Malaysia’s Cabinet will review a bill this week that would ban smoking for those born after 2005, reports The Edge.
According to Health Minister Khairy Jamaluddin, the bill’s “implementation of the generational endgame” provision aims to prevent Malaysia’s younger generations from picking up the smoking habit and getting addicted to tobacco products when they grow older, as well as to reduce the number of smokers in Malaysia to less than 5 percent by 2040.
“This will be able to reduce the risk of premature deaths, chronic diseases and treatment costs that have to be borne by the government due to smoking complications among the community,” Jamaluddin said.
Presently, some 40.5 percent of men and 20 percent of women smoke in Malaysia.
Anticipating resistance to the bill from cabinet members worried about tax revenues and tourist spending, Khairy said that without the legislation, the government would have to bear treatment costs of about MYR8 billion ($1.81 billion) to treat health problems linked to smoking.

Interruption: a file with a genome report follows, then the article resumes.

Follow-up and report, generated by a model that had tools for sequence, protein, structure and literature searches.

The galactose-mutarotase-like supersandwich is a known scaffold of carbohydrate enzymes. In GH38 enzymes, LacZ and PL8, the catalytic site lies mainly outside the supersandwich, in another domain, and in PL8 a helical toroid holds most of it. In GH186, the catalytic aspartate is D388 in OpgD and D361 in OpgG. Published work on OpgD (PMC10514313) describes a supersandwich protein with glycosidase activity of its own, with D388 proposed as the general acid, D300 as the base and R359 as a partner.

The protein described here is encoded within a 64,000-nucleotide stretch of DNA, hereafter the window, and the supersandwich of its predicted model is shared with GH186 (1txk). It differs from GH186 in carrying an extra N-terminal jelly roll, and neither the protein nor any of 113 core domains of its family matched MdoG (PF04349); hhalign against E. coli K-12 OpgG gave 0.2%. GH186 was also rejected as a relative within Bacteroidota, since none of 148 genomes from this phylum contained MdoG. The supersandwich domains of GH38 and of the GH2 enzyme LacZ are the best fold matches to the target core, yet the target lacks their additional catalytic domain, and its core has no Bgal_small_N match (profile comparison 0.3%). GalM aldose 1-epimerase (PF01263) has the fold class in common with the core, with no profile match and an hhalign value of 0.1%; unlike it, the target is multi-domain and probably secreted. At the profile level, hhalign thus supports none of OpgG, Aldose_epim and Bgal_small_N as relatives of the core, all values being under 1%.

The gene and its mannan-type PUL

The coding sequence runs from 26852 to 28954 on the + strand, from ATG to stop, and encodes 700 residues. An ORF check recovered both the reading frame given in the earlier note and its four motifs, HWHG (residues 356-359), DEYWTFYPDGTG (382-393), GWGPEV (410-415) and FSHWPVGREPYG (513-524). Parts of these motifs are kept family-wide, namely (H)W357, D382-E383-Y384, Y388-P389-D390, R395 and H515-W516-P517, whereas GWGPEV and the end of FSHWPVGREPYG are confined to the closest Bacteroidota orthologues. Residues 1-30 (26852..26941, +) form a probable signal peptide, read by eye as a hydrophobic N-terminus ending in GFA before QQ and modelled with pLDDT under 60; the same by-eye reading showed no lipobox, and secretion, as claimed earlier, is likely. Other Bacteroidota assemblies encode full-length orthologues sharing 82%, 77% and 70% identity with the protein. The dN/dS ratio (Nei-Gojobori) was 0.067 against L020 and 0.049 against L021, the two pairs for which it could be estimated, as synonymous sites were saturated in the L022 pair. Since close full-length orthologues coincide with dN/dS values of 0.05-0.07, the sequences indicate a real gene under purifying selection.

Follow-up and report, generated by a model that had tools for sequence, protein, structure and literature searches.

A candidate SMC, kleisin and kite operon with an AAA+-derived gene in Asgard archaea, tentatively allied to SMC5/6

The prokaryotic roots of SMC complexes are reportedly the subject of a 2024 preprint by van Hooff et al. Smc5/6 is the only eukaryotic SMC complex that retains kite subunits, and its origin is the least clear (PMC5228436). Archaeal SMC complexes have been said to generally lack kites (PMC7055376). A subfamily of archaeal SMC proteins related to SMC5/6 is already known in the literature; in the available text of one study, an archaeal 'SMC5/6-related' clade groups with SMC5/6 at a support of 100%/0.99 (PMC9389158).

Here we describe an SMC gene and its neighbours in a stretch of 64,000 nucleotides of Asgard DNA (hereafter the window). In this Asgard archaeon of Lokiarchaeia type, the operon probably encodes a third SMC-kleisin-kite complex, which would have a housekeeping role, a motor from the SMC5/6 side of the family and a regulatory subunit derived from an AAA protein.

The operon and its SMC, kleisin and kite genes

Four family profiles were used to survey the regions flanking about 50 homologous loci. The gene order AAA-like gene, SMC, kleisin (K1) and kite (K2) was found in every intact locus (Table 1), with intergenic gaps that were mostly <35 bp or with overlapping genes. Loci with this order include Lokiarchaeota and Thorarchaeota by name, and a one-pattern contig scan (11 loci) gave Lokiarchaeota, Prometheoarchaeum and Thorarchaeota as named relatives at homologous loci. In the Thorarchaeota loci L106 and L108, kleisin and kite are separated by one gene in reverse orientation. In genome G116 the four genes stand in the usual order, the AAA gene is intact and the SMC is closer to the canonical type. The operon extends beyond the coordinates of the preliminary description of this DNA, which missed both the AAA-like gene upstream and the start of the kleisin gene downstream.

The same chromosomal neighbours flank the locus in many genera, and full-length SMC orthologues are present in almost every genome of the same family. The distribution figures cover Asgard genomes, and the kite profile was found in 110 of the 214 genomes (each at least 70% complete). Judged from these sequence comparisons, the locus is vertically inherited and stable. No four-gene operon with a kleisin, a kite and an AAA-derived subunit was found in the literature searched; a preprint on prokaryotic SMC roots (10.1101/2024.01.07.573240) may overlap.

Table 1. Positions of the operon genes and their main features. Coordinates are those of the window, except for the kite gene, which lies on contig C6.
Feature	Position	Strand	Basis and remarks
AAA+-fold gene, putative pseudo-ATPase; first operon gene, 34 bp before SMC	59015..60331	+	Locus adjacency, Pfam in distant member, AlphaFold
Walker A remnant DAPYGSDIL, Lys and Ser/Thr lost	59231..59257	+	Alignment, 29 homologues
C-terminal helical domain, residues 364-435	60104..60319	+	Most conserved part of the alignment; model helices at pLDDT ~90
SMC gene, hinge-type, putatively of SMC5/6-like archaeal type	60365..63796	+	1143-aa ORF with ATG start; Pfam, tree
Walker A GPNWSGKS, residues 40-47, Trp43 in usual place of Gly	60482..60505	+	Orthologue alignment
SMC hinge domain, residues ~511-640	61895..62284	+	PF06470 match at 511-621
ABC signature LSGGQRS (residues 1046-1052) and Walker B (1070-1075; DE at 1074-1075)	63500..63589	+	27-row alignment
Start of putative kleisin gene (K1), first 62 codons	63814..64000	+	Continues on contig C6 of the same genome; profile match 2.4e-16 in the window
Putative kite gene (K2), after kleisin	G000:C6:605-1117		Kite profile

Malaysia’s bill, which would also regulate vapor products, is modeled on legislation in New Zealand, which in December 2021 revealed a plan to phase out smoking by gradually raising the smoking age until it covers the entire population.